New Delhi: Former army chief general M M Naravane Friday said the involvement of foreign agencies in the Manipur violence “cannot be ruled out”, as he flagged the “Chinese aid to various insurgent groups”.
General (retd) Naravane said instability in border states is bad for the country’s overall national security.
He was responding to questions on the protracted violence in Manipur while interacting with journalists at the India International Centre on the topic ‘National Security Perspective’.
“I am sure that those who are in the chair and responsible for taking whatever action is due to be taken are doing their best,” General (retd) Naravane said. “The involvement of the foreign agencies, not only I say, cannot be ruled out but I will say they are definitely there, especially Chinese aid to various insurgent groups.” The former chief of the army staff said the Chinese aid has been helping these groups for years and will continue to do so even now.
On a question about the role of drug trafficking in the ongoing violence in the northeastern state, General (retd) Naravane said drug smuggling has been there for a very long time and the amount of drug which has been recovered has only increased over years.
“We are just a little remote from the Golden Triangle (the area where the borders of Thailand, Myanmar and Laos meet). Myanmar is always in a state of disarray and military rule. Even at the best of times in Myanmar, the government only had control over the central Myanmar not really on the peripheral bordering state whether with India or with China or with Thailand. So drug trafficking has always been there,” he said.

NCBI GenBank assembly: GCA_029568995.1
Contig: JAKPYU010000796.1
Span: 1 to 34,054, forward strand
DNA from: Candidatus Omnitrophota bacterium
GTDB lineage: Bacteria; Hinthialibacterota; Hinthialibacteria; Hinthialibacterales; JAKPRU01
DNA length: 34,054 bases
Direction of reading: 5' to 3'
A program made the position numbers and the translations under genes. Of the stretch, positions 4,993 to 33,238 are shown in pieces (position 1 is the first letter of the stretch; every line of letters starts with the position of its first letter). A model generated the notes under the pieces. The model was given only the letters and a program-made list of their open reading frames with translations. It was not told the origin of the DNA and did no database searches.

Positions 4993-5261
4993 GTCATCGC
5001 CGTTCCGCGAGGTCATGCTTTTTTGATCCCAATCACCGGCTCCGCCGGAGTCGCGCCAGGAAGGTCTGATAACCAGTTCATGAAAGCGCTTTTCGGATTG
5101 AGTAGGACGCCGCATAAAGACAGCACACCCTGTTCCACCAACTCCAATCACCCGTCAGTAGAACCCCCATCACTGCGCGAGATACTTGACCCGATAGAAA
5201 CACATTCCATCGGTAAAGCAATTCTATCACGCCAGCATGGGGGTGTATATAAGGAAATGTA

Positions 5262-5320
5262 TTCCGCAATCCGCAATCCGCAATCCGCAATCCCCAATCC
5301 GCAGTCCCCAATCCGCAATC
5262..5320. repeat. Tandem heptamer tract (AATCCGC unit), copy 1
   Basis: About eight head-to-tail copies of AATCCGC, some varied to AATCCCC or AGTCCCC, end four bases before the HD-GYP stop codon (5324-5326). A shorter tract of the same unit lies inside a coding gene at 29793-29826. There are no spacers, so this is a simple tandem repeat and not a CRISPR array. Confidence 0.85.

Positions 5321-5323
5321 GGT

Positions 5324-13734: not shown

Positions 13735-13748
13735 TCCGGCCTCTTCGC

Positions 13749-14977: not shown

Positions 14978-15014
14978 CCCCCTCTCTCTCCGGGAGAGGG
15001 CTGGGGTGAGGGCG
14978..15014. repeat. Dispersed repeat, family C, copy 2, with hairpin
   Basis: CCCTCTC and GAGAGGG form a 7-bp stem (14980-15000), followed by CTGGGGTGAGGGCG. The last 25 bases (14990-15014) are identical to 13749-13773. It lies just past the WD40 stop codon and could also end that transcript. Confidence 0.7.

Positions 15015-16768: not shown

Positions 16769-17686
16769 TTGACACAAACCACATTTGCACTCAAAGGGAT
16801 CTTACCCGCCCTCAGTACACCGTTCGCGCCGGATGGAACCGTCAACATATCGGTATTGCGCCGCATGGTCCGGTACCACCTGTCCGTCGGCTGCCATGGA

He added, “There will probably be agencies or other actors in the game who benefit from the violence and who would not want a situation of normalcy to get on because while this instability is there, they stand to benefit.” “That might be one of the reasons why we are seeing this continuance of violence in spite of all the efforts, which I am sure have been put in by the state and the central governments to bring it down,” he said.
General (retd) Naravane was also asked a variety of questions related to army recruitment scheme Agnipath, restructuring in the Indian defence sector and the China-India skirmishes at the Galwan valley.
Talking about Agnipath, he said only time will tell whether it is a good scheme or not.
“Agnipath was launched after a great deal of deliberations. Many people say that it was launched due to financial and pecuniary reasons. That is also going to have an impact but the fact is that we need a young army,” he said.
When asked to give reasons behind the violent clashes between Indian and Chinese troops in the Galwan valley in May 2020, he said it is something he is not able to make out. “Post-Galwan, that is the first thing that we used to ask each other — why did China do this.” “Was it a localised action or did it have sanctions or blessings from the higher-ups? When the whole world was grappling with Covid, why did it undertake such a misadventure? I say misadventure because finally it had to go back but we are really not being able to fathom what the reason was. Or was it a combination of many factors including the creation of two union territories of Jammu & Kashmir and Ladakh,” General Naravane said.